Too much truth will make some people madder than too little #NapoleonHill

Schoolchildren sometimes play a game called “Honesty.” The rules are simple: For a designated period of time, the participants must tell the truth regardless of the subject. They then ask each other leading questions such as, “Do you like my hair?” “Do you think Lindsay is cute?” Inevitably someone gets angry when he or she discovers that these friends had been shading the truth, telling “little white lies,” to spare the person’s feelings. Even when the game is over, its lessons are not soon forgotten. Being honest with others doesn’t mean being brutal. It isn’t necessary to tell people everything you don’t like about them under the guise of being frank with them “for their own good.” Sometimes it’s better if we don’t know every person’s innermost feelings about us. Respect for another’s self-esteem often means telling them too little truth instead of too much.

Control your own mind, and you may never be controlled by the mind of another.

The mind is the most powerful weapon known to man. It simply cannot be controlled or contained by an outside force, however formidable that force may at first appear. Throughout history, tyrants have tried to control those who opposed them, but eventually these rulers discovered the power of the imagination was far greater than the threat of the sword. As Victor Hugo said, “An invasion of armies can be resisted, but not an idea whose time has come.”

You never know who your real friends are until adversity overtakes you and you need cooperation.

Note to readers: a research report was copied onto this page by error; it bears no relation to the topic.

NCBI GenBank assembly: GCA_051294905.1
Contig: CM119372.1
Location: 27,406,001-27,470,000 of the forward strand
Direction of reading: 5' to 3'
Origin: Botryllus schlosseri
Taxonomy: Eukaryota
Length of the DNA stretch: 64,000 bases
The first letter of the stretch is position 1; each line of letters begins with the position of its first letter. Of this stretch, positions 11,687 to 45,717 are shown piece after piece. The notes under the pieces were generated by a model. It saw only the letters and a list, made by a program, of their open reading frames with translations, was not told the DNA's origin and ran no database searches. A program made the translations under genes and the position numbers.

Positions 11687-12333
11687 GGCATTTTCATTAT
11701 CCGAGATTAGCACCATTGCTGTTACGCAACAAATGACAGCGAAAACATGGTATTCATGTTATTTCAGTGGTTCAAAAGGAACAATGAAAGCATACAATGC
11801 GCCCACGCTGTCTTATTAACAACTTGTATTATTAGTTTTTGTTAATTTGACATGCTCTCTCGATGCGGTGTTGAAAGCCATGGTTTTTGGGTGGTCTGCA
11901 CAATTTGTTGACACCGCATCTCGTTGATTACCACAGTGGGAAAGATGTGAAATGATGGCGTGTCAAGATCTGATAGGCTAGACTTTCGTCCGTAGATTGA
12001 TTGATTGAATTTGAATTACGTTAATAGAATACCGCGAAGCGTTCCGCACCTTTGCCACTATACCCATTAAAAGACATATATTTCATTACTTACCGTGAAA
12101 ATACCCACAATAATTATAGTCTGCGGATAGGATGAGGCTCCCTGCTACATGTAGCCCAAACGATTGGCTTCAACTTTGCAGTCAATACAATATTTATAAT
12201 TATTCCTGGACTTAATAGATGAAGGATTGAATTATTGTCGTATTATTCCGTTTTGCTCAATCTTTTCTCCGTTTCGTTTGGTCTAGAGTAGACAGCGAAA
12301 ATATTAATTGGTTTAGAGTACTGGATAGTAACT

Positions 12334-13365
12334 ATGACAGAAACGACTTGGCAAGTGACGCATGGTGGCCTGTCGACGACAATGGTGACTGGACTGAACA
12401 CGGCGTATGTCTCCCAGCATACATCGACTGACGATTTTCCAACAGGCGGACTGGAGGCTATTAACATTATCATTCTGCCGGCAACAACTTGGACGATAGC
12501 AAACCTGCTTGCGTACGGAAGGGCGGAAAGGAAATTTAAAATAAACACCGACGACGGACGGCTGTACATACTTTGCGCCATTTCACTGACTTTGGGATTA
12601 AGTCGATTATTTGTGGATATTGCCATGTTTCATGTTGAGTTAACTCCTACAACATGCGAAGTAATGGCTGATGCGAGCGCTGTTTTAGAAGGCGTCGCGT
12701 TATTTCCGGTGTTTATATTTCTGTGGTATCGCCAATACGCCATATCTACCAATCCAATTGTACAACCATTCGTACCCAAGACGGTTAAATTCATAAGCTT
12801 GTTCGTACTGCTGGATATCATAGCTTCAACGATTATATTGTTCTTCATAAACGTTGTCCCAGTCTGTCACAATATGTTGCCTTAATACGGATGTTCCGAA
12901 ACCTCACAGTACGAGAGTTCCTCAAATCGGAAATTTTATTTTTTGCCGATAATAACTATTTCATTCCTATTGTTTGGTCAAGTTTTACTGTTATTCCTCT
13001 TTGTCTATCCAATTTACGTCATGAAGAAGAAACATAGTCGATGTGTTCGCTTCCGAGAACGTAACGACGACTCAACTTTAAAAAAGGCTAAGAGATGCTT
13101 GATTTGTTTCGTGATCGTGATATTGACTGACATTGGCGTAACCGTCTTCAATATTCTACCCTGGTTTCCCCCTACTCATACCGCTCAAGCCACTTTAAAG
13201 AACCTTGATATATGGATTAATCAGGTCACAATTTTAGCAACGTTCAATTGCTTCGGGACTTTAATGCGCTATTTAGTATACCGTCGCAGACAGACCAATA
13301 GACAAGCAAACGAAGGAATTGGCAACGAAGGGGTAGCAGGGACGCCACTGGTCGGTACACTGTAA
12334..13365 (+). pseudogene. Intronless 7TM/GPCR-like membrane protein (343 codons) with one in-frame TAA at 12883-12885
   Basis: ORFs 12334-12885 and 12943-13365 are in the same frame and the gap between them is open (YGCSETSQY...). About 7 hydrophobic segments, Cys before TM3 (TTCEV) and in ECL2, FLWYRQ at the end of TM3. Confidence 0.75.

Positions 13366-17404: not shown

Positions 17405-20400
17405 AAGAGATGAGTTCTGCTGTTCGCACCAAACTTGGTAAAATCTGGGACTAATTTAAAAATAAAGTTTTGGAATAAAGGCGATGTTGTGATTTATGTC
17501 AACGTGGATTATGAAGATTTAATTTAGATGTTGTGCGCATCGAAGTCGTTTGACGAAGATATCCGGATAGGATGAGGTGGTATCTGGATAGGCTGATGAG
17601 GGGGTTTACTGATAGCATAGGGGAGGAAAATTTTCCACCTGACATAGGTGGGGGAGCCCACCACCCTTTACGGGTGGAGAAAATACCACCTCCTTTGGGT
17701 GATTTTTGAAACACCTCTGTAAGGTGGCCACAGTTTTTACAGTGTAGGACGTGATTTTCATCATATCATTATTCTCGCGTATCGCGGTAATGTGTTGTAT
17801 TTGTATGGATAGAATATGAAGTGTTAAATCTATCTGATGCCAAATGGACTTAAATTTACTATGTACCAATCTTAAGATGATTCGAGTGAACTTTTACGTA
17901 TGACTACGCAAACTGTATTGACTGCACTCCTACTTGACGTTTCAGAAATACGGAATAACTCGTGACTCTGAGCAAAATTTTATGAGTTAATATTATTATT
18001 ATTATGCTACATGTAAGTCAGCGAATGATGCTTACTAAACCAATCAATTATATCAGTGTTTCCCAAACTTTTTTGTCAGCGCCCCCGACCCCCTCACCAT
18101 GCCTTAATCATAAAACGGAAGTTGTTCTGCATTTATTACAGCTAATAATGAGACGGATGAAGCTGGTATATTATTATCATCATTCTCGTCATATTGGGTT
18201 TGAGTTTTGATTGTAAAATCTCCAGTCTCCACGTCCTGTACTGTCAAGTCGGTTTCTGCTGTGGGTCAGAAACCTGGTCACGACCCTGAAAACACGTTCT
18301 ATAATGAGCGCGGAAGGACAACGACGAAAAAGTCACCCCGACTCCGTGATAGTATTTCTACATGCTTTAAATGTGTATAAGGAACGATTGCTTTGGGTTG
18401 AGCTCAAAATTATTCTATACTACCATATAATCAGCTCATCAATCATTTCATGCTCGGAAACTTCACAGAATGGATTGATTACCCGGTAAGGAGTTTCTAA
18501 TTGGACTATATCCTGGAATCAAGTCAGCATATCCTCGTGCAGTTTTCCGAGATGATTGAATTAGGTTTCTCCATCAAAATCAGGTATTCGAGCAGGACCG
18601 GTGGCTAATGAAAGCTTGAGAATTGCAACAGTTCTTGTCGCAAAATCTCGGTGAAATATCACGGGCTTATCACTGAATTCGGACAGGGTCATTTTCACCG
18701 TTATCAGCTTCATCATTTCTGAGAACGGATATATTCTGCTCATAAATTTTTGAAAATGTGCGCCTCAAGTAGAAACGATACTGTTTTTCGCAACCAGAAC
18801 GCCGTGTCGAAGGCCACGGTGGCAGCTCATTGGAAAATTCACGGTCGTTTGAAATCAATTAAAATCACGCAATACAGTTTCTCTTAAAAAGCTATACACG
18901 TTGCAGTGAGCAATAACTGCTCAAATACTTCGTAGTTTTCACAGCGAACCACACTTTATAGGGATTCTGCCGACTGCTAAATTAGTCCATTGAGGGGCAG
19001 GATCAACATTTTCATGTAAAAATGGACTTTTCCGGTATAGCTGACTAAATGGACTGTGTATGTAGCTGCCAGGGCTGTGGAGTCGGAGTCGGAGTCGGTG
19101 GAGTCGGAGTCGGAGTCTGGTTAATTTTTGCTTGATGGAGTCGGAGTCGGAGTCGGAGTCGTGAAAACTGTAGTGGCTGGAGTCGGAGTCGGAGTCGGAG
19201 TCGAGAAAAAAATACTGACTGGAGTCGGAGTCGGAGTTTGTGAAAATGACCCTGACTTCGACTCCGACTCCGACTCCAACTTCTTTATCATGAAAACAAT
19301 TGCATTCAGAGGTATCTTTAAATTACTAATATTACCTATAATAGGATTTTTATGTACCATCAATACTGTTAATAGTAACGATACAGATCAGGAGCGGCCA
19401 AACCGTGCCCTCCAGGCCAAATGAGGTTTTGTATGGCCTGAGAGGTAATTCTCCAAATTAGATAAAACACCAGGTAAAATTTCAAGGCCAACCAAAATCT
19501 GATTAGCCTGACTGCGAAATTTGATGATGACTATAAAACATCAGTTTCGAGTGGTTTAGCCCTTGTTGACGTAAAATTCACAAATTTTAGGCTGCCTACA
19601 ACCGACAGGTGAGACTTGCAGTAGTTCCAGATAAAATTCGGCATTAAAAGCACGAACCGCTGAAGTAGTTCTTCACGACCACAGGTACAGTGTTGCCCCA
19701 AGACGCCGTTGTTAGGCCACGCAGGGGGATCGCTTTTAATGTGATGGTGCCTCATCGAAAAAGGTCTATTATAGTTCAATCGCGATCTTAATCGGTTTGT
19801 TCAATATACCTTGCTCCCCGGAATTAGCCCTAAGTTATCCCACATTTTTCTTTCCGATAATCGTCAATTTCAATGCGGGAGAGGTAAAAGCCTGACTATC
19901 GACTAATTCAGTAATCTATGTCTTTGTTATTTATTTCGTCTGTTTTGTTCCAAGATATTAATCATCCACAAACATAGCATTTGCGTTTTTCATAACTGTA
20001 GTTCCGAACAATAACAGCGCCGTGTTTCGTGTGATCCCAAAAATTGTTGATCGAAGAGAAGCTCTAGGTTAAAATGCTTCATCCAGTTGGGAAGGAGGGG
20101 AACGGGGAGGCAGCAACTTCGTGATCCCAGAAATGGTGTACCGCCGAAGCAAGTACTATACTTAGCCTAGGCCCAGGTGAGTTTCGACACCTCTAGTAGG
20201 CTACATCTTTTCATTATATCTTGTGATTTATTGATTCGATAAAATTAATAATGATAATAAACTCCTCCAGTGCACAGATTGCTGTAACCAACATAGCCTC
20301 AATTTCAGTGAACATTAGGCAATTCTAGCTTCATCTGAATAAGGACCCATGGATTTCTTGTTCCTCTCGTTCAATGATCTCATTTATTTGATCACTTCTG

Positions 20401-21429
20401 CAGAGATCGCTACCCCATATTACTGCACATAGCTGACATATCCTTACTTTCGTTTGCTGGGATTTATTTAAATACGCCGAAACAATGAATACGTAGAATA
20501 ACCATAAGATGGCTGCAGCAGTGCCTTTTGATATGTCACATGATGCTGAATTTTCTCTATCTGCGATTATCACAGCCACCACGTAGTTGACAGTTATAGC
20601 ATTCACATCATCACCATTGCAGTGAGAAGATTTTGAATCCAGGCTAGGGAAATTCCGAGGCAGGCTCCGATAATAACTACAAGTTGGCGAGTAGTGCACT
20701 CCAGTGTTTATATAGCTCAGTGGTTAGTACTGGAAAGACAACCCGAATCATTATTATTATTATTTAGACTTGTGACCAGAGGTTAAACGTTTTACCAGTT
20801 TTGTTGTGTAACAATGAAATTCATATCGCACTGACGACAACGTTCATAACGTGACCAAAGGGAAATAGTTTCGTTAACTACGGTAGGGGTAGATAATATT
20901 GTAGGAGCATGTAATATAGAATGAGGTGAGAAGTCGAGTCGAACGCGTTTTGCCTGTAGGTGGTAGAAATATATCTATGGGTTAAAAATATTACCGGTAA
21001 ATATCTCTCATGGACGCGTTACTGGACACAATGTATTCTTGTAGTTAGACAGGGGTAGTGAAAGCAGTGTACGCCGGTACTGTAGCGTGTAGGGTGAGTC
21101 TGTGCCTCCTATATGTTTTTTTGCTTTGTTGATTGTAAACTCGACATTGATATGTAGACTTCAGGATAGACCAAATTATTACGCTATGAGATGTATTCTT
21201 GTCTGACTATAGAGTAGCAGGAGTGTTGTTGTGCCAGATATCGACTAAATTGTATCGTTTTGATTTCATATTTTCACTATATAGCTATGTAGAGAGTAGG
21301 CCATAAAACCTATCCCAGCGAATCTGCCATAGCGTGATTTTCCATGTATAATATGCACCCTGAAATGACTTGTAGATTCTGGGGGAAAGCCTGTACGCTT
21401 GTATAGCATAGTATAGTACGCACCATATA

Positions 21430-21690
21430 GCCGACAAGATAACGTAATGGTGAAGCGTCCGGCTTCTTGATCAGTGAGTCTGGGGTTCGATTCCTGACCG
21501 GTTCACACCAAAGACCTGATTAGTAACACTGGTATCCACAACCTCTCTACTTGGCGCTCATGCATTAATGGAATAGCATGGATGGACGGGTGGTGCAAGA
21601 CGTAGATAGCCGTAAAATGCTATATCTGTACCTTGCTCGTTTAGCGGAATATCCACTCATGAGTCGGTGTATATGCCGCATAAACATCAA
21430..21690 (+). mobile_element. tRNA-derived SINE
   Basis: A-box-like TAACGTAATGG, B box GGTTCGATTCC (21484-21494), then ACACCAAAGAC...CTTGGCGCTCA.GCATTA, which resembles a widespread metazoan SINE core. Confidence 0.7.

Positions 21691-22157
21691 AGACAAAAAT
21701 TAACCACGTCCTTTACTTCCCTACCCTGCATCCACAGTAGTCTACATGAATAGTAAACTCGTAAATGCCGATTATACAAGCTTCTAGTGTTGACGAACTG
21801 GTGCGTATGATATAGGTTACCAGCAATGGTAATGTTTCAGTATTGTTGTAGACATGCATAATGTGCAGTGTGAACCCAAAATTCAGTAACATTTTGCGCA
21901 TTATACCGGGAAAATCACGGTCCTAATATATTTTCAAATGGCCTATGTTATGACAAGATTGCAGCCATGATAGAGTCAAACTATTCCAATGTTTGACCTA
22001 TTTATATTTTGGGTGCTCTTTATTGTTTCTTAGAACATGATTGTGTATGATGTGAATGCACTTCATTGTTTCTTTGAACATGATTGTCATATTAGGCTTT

Everybody loves a winner, it has been said, but nobody knows you when you’re down and out. One of the often unappreciated benefits of adversity is that it accelerates the process of identifying your true friends. Most of us have many acquaintances and associates, but we are indeed fortunate if we have a handful of real friends. You will very quickly identify yours when you ask them for help. The wise individual is the one who, when asked for assistance, recognizes that he may one day find himself in the same situation. — Napoleon Hill

If you call on your friends only when you need something, you will soon find yourself without friends. #NapoleonHill

Napoleon Hill Quote of the Day
Napoleon Hill Quote of the Day

Napoleon Hill Quote of the Day

There is a great deal of wisdom in the old saw, “If you want friends, be a friend.” Friendship means giving without expecting anything in return. Busy, successful people are not searching for new friends. If you want to be their friend, you must make the effort to befriend them. Let them know that you are interested in them as people, not in what they can do for you, and you may find that you have made a true and loyal friend.

If you were your own employer, would you be entirely satisfied with the day’s work you have done today? #napoleonhill

Quote by Napoleon Hill. At the end of the day, it matters little what others think of you; what’s important is what you think about yourself. As you reflect on your day’s work, ask yourself, “Have I given 100 percent of my time and talents today? If this were my company, would I like it to be filled with hundreds of other people just like me, or would I prefer to hire individuals with a little more initiative?” When you have become the kind of person you would like to work with or have working for you, you aren’t far from the day when you will own the company — or at least become a valuable part of it. Most important, you can sleep soundly at night, serene in the knowledge that you have done your best, that you have earned your pay, and that you have met the standards of performance you require of yourself.

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